Welcome to Hab1!
One of the greatest lessons in life is: come as you are and be yourself; and be proud of it - and that applies to Space Camp and AC too!
I haven't been to AC, not as a kid in a full programme anyway. (Now I wish I did, as they have since done away with adult AC camps, and I have since had an experience that prevents me from going back to AC.) However, based on my limited understanding, this is just a camp, not a military academy, and meant to be fun. Some kids will take it more seriously than others, much like you probably experienced at Space Camp and Academy. Some kids will have full on combat boots and military clothing but it isn't necessary.
Again, based on my limited experience and observations, this is my advice. Someone with more experience (like Jason, LB206) can chime in with more details or correct me if I am wrong.
Boots - the packing list says an extra pair of shoes, like running shoes - something that ties tightly to your foot and has good grippy treads on the bottom, would be sufficient. Combats boots would be great, if you have them already AND worn them in properly so they don't hurt your feet. Be prepared for whatever footwear you bring to get dirty and muddy. Hiking boots would probably suffice too, though your average running shoes are perfectly acceptable.
Long pants - you just need something to cover you. Skinny jeans should be fine so long as you have full range of motion to crawl, squat, climb, and otherwise overcome obstacles in the woods. Some skinny jeans have that flexibility but some don't. You need to be free to move! Cargo pockets are nice to have too... So whilst something more relaxed with pockets may be better, skinny jeans technically would work... But I wouldn't recommend them for the E&E exercise. For every other day of camp they would be fine. I have seen photos of girls in skinny jeans at AC over the summer. However, one pair of long pants with cargo pockets would be ideal - check a local thrift store or camping outfitter store for some. (Camp used to have some they loaned out to campers if I recall, but I haven't seen them in a while - anyone have an update on that?)
I don't know which exercises are done at which camp. It never hurts to have extra shoelaces, pencils, and duct tape regardless... They have a hundred and one uses.
They give you a flight suit to borrow for camp, much like at Space Camp. How often you wear it is up to you, though your counsellors will tell you when it is absolutely required. You don't have to buy your own unless you want to take one home and wear it there. Just like at Space Camp. Most days, shorts and t-shirts are the norm.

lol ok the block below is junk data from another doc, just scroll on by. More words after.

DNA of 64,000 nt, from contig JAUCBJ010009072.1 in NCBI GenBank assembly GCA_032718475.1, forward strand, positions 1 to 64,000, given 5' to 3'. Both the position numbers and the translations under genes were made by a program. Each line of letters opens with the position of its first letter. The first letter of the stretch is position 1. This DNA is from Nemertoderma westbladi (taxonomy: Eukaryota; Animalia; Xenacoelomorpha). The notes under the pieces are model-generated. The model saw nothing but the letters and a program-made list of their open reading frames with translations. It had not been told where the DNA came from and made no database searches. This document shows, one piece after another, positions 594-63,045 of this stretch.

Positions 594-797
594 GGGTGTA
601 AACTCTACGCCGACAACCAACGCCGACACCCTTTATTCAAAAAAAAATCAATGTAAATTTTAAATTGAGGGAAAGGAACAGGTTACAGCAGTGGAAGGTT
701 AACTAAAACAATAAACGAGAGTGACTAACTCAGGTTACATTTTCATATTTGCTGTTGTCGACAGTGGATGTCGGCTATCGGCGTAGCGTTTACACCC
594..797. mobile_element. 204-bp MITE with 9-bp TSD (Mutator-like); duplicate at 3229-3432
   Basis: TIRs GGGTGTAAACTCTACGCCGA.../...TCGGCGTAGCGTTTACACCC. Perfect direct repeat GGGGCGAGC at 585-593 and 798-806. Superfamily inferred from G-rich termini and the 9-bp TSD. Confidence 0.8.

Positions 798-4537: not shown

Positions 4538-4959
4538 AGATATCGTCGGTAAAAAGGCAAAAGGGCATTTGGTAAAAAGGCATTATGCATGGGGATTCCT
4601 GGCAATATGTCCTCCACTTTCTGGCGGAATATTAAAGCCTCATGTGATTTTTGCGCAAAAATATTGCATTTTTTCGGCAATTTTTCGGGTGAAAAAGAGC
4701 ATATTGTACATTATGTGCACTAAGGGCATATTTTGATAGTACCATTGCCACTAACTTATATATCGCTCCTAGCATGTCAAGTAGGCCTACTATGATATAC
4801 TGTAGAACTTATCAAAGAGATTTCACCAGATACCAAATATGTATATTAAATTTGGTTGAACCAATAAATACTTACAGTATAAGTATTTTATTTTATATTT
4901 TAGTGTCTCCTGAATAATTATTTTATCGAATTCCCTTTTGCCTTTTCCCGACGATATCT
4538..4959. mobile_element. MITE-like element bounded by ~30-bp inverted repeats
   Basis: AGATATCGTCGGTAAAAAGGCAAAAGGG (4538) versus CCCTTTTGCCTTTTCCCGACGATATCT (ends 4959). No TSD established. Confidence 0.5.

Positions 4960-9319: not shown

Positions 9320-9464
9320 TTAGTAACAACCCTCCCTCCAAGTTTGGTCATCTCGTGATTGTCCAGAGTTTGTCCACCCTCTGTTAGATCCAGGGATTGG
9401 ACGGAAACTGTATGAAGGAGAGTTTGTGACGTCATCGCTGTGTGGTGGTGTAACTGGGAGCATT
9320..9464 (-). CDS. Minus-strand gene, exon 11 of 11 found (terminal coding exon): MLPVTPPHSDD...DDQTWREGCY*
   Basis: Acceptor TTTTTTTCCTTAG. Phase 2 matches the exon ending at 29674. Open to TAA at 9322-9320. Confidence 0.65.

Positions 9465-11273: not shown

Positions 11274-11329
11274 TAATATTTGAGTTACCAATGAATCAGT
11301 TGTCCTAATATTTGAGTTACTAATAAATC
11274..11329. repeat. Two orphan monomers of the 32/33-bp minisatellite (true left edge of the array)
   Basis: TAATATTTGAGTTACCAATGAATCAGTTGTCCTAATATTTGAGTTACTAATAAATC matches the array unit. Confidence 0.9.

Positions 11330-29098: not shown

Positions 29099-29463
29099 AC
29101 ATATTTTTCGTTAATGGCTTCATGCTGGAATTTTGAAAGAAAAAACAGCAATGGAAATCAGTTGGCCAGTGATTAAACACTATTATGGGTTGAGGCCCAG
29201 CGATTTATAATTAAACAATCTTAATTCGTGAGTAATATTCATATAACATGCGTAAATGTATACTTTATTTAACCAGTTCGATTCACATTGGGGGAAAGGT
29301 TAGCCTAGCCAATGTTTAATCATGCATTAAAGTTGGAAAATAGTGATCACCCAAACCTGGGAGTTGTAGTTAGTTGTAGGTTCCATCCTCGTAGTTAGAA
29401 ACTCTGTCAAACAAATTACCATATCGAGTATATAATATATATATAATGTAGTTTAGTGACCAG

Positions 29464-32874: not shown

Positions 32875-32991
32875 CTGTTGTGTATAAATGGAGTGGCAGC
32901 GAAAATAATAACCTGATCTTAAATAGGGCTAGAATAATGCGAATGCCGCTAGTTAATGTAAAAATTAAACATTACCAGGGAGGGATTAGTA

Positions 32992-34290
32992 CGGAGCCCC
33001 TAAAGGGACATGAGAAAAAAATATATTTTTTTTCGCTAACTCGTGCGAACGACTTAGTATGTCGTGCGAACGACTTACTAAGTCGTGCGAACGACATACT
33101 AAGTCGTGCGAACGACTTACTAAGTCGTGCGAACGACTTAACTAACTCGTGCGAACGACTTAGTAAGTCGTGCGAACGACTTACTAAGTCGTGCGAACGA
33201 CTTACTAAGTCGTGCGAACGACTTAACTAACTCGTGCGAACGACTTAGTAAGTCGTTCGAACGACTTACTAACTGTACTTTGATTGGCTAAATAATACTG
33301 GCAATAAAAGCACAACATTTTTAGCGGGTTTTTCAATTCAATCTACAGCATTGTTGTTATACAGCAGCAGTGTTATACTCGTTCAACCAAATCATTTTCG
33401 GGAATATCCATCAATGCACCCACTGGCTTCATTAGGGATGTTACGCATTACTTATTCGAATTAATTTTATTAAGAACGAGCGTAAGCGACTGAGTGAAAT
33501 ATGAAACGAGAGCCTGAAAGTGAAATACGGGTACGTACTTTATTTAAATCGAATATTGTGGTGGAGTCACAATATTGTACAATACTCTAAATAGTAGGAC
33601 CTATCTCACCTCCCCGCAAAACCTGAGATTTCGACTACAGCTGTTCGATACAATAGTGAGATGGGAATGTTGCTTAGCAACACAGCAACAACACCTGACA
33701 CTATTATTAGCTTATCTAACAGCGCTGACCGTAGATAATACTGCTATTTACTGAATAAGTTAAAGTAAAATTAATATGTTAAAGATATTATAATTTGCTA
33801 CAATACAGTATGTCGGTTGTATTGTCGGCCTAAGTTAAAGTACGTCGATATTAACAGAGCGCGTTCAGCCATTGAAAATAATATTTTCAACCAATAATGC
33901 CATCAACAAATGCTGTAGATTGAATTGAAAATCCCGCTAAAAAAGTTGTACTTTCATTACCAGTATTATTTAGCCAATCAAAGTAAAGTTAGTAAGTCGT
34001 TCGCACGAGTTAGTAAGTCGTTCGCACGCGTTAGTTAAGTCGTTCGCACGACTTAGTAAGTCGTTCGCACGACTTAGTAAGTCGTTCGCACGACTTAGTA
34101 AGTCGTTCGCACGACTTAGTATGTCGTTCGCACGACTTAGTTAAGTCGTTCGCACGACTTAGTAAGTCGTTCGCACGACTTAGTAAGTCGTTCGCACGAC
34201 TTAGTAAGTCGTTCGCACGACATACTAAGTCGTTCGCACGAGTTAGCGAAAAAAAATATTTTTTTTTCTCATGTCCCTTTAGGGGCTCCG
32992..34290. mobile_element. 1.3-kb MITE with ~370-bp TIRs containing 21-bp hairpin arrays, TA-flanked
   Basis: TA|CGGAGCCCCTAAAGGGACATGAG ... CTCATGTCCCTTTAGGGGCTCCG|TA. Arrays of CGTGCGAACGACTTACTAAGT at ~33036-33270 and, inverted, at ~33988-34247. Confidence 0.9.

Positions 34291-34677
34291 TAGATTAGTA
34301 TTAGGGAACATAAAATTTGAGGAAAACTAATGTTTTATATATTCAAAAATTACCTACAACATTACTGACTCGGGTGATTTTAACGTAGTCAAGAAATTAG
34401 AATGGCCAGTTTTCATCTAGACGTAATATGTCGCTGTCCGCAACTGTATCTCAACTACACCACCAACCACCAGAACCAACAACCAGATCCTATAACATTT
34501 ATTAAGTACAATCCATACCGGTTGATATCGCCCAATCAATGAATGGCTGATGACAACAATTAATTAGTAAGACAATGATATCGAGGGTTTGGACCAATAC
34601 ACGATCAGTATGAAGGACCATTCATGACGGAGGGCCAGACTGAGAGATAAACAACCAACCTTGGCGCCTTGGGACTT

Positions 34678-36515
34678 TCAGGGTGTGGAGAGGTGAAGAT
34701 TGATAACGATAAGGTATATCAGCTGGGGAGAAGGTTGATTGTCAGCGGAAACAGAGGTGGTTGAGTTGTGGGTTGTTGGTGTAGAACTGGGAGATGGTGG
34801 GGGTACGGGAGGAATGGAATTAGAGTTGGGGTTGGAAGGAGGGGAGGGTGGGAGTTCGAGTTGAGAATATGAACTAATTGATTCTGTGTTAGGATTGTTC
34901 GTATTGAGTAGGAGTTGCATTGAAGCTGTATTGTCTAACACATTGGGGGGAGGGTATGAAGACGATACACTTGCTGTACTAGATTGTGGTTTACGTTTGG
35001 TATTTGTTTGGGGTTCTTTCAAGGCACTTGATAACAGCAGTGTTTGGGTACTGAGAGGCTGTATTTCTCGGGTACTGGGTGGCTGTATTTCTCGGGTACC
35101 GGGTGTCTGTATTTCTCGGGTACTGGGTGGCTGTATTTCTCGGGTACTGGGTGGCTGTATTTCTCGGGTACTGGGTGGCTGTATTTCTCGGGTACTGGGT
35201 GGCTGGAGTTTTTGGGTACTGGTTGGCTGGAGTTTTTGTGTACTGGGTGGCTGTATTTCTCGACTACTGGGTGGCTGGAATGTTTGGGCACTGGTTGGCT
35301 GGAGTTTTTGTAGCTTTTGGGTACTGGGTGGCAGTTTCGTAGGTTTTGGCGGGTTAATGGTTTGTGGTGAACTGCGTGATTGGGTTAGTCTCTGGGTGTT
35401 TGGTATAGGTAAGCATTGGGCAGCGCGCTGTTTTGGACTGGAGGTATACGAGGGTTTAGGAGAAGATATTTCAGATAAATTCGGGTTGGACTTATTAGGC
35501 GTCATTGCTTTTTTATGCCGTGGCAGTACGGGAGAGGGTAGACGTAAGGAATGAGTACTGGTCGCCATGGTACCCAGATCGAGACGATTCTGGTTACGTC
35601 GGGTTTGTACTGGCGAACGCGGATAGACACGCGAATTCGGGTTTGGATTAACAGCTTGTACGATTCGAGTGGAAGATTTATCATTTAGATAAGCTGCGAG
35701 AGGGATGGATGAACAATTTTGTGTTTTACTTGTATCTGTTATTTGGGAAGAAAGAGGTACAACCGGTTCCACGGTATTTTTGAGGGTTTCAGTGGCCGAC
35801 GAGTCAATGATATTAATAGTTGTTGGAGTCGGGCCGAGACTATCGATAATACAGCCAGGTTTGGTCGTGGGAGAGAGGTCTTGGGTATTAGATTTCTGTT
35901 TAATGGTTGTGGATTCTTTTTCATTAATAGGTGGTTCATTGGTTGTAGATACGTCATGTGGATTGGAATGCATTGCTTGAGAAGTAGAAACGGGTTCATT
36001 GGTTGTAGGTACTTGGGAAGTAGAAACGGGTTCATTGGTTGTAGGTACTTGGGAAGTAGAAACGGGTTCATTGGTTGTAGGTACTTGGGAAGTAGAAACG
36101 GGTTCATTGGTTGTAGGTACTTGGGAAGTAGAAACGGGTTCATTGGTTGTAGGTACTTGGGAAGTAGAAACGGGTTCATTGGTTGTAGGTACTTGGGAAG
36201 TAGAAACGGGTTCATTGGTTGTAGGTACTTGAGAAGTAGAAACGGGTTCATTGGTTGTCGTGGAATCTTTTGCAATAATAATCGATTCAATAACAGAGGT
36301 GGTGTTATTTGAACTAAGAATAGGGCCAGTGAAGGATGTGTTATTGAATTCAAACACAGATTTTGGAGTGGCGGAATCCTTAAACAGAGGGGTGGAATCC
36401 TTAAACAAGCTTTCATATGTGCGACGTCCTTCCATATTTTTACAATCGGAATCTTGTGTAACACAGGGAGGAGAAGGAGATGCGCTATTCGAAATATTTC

Like I said above, military gear is optional and whilst some people will have it, it doesn't impact your experience much either way. Sure, it is cool to have that stuff at AC, much like it is to have NASA and space-themed t-shirts at Space Camp, but it isn't required. The pants with cargo pockets will come in handy though - see above.
As for the mentality of other kids, much like the camps you have been to before, it can vary from group to group and week to week. I would expect most people in attendance to have an interest in the military and flight, many wanting to become pilots, but not all. Some people will be super serious, possibly enrolled in military programmes at home, but not all, and some could very well know little about flight or military and that is why they are there: to learn more! (And there could be some kids with poor attitudes, or total jerks like that experience you had in 5the grade, but hopefully not.) Counsellors should make everyone feel welcome and part of the team regardless. (With some military-based flare of course...) You will learn drill and military skills together - they don't expect you to know it all beforehand, though you should come to camp already knowing how to make your bed, stand straight, and listen with respect... And yes, there are often other girls in the programme. I saw a team photo recently with more girls than boys!
I hope you have a super fun time, learn a lot, and make new friends. Be confident in who you are, bring everything on the CAMP-ISSUED packing list, come to camp with a positive and friendly attitude, and you will be set to have a good time. And don't take offence if you are called a smurf a few times... It was slang for the Space Camp kids when I was a kid and I suspect the term still lives on. We called the AC kids leprechauns, so it was two-way fun.
Come back here and let us know how camp was! I haven't heard much about AC recently and would love to get a full report of the current programme.
- Jennifer -
Youth ASA 6-Day 1998 1999
Adult ASA 8-Day 2004; Alumni 2007, CSC 2013, 2015, 2017